After posting gains throughout the week, the tax-exempt market took a pause Thursday morning.
Municipal bond traders said the market was trading flat to slightly lower after four consecutive sessions of gains. Treasuries were also lower, helping to reverse the firm tone in munis.
"Munis are sideways or maybe down a little," a New York trader said. "Some deals are hitting down bids."
The primary market is expected to be somewhat quiet Thursday as the majority of the week's largest deals priced earlier.
On Wednesday, the Municipal Market Data scale ended higher for the fourth consecutive trading session. The 10-year and 30-year yields fell three basis points each to 1.65% and 2.69%, respectively. The two-year finished steady for the second session at 0.33%.
The 10-year yield still remains 18 basis points above its record low of 1.47% set Nov. 28. The 30-year yield trades 22 basis points above its record low of 2.47% set Nov. 28.
Treasuries were lower after a risk-on trade coming from generally positive economic data. The benchmark 10-year yield and the 30-year yield spiked up five basis points each to 1.87% and 3.06%, respectively. The two-year yield increased two basis points to 0.27%.
In economic news, housing starts jumped 12.1% in December to a seasonally adjusted 954,000. Building permits in December rose 0.3% to a seasonally adjusted 903,000.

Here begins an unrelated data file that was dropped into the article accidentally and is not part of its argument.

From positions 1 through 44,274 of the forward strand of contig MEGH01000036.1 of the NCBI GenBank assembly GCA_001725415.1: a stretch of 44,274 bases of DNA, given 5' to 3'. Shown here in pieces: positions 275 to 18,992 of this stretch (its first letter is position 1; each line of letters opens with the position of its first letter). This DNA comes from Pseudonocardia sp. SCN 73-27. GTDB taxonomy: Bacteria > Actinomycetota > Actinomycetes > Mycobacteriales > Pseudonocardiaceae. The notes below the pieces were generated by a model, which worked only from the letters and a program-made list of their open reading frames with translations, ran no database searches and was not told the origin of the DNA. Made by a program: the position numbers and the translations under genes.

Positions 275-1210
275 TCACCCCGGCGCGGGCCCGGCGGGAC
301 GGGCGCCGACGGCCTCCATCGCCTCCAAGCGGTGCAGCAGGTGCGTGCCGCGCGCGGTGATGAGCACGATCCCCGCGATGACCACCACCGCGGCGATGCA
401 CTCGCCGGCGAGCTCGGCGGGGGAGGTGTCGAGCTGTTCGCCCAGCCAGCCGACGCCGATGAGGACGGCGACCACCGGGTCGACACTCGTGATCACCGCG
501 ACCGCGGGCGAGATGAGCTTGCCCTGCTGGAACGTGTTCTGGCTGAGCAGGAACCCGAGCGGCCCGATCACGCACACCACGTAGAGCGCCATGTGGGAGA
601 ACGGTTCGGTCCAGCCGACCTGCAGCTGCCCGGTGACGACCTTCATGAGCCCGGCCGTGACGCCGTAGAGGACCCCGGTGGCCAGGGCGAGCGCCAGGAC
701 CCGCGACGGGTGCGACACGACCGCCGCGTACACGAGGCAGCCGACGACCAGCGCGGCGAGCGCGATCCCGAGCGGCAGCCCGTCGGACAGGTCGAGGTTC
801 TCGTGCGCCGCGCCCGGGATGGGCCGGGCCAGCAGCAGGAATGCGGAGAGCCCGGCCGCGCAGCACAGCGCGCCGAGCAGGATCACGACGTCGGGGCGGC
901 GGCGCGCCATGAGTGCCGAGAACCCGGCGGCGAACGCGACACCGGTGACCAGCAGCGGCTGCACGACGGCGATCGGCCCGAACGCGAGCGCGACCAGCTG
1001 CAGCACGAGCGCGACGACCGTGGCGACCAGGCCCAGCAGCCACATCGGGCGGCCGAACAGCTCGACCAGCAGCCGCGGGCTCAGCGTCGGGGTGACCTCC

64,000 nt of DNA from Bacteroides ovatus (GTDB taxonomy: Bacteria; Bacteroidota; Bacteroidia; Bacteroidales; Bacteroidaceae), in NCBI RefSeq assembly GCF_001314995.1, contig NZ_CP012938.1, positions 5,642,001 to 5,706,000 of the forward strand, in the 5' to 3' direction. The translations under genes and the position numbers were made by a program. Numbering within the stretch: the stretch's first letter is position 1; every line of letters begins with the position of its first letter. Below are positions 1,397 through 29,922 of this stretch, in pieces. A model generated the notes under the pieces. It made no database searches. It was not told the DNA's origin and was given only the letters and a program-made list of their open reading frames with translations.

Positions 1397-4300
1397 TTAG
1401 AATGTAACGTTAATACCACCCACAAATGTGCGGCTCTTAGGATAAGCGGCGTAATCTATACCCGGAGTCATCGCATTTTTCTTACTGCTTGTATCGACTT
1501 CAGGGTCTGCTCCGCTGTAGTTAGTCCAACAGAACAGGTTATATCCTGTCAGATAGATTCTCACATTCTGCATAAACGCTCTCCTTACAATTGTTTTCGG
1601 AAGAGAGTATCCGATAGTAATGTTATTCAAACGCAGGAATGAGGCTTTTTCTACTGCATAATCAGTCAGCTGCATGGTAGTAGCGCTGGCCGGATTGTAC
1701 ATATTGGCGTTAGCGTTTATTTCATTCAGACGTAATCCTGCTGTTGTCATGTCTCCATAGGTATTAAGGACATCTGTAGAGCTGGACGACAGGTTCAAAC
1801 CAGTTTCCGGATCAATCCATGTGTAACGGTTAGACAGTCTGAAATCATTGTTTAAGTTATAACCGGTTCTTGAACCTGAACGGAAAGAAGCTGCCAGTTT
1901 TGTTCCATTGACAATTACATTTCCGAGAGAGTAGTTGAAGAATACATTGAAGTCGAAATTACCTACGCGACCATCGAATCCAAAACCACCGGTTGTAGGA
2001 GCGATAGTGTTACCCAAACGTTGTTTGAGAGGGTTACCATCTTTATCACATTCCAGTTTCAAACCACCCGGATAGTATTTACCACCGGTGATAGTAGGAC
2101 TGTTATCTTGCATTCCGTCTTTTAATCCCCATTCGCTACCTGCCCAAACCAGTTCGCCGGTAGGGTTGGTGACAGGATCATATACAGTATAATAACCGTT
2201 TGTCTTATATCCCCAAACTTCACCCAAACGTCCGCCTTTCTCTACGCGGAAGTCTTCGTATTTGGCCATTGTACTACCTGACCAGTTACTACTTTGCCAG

Housing starts far exceed analysts' expectations of 890,000 while permits came right as expected at 903,000.
"Housing construction ended the year on a strong note as robust gains in both the single- and multi-family sectors pushed housing starts to their highest seasonally-adjusted monthly level since June 2008," wrote economists at RDQ Economics. "Building permits edged higher as a small gain in single-family permits more than offset a decline in the more volatile multi-family sector."
They continued, "This report provides further evidence that the turnaround in housing is real and that housing construction will add moderately to growth in 2013."
In other economic news, seasonally adjusted initial jobless claims fell 37,000 to 335,000 for the week ending Jan. 12, its lowest level in five years. Economists expected a 370,000 level.
"The Labor Department warned that seasonal adjustment issues had a hand in the 37,000 drop in jobless claims in the latest week and, since turn-of-the-year volatility is quite common for these data, we cannot read too much into the latest report," RDQ economists wrote. "The drop in claims comes after four consecutive weekly increases and the four-week average of claims is little different than the reading for December as a whole."
They added that, "Having taken a pinch of salt, however, we would suggest that the trend in claims generally show no pickup in layoff activity around the turn of the year."
In more economic news, the Philadelphia Fed Index dropped to negative 5.8 in January from a positive 4.6 in December. Economists had expected a positive 6.0 reading for the index.
"This is a disappointing and somewhat weak start to manufacturing activity in the Philadelphia Fed district with declines in orders and employment and virtually no growth in shipments," RDQ economists wrote. "The price readings were mixed as prices received eased slightly for the first time since June of last year but prices paid increased for the 42nd consecutive month."